The concerns with our aging infrastructure are well-documented. The highways, bridges, and airports that paved the way for our world-leading economy today are crumbling and, even worse, undermining growth. Rather than boosting business, our infrastructure costs the nation roughly $1 trillion a year in lost economic growth. Our highways suffer from constant congestion, our bridges have become structurally unsound, and outdated technology only increases our travel delays.
But technology can change that. Software.org: the BSA Foundation released “Infrastructure 4.0: Rebuilding America with Software,” a report that details how we can help close America’s infrastructure opportunity gap.
Today, we have an opportunity to upgrade our nation’s infrastructure to a 21st century system. Our current system was built in an analog era, long before the invention of the Internet and cloud computing – so it’s no wonder that it’s in desperate need of some upgrades.
Software can not only help update our physical infrastructure, but also our approach to planning, design, and construction. We can now integrate sensors into bridges to monitor safety, use 3D design software to build more cost-effective roads, and operate GPS-guided precision construction equipment. We can use software to prevent train collisions, improve our water quality, and reduce our energy bills. So, what are we waiting for?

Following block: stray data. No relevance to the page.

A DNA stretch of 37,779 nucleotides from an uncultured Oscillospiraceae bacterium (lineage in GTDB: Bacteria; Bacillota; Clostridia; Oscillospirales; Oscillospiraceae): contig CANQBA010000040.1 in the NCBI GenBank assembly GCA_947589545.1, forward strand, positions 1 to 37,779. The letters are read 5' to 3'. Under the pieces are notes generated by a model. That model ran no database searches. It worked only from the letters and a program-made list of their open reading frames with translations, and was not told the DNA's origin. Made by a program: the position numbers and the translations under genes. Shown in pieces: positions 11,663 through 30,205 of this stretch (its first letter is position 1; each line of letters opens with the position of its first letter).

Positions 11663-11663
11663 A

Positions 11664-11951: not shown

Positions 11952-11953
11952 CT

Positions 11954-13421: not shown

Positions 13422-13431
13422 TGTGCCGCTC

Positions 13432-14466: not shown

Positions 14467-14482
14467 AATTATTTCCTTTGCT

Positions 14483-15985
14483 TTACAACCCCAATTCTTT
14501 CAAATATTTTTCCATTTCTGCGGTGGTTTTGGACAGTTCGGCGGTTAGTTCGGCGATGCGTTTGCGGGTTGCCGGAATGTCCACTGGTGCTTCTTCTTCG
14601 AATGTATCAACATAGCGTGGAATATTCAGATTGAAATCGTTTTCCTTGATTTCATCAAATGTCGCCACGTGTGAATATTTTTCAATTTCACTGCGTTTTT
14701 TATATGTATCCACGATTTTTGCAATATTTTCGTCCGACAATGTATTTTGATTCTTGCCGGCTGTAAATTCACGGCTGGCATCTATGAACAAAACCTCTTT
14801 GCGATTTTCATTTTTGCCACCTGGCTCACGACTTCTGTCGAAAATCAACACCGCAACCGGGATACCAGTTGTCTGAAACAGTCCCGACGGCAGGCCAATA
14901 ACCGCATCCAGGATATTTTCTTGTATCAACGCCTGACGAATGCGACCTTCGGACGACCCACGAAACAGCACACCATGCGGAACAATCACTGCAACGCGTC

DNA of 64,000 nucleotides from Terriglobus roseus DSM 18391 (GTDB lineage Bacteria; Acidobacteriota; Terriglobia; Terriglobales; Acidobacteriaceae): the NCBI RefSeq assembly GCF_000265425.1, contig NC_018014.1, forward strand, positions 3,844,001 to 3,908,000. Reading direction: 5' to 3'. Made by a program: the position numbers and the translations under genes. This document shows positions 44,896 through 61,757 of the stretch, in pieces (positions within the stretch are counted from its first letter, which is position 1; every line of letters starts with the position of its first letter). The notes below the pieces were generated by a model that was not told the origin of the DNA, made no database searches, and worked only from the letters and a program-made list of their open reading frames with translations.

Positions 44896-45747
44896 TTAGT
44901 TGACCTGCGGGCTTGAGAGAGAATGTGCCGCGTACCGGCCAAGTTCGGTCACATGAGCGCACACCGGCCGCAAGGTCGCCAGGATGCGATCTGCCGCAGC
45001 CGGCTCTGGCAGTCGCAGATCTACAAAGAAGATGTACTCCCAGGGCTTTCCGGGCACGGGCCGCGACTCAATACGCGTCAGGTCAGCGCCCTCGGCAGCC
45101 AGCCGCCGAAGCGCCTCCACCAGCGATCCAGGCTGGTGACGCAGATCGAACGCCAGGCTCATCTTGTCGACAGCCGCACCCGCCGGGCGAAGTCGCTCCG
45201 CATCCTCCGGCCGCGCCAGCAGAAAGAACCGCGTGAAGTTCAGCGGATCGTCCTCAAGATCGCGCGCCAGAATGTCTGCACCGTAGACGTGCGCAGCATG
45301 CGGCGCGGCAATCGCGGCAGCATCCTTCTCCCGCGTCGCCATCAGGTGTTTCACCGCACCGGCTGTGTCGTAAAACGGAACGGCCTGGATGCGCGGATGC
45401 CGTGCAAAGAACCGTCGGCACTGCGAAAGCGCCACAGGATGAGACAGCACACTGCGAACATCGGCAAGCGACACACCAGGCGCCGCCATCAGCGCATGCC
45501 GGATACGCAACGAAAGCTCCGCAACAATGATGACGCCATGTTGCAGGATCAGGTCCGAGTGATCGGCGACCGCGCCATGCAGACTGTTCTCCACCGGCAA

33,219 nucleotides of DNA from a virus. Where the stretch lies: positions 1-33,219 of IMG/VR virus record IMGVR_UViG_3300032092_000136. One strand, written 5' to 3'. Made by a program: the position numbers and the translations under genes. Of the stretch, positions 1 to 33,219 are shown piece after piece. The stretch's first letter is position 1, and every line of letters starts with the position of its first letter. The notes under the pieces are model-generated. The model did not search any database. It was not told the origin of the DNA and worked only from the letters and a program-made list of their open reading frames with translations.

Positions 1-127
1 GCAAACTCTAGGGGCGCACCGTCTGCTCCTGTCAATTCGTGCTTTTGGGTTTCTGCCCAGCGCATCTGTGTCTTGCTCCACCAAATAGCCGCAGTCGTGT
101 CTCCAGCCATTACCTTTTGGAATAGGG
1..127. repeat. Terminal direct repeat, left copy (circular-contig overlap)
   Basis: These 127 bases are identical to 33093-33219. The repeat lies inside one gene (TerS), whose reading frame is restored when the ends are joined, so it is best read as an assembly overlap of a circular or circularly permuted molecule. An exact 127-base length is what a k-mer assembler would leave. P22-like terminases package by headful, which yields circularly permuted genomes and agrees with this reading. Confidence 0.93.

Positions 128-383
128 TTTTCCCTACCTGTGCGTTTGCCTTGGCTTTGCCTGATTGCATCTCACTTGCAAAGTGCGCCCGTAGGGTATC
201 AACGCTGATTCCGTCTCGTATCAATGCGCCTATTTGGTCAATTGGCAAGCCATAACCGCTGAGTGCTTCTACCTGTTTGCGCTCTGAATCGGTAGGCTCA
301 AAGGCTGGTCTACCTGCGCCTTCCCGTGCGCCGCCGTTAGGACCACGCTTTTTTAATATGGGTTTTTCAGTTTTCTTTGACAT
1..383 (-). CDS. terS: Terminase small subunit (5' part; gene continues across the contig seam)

The report gives Congress three recommendations for rebuilding US infrastructure. We need to take advantage of software innovation to improve the resiliency and sustainability of our roads, bridges, transit systems, electric grid, and air traffic control system. We need to invest in broadband networks and cloud computing to better connect hardworking Americans and create jobs. And we need to improve the nation’s software skills, from kids to adults, to better arm the workforce of today and the workforce of the future.
Our infrastructure challenges are enormous, but we can start solving them with software. We shouldn’t be satisfied with yesterday’s travel and transit networks when we can upgrade them for tomorrow.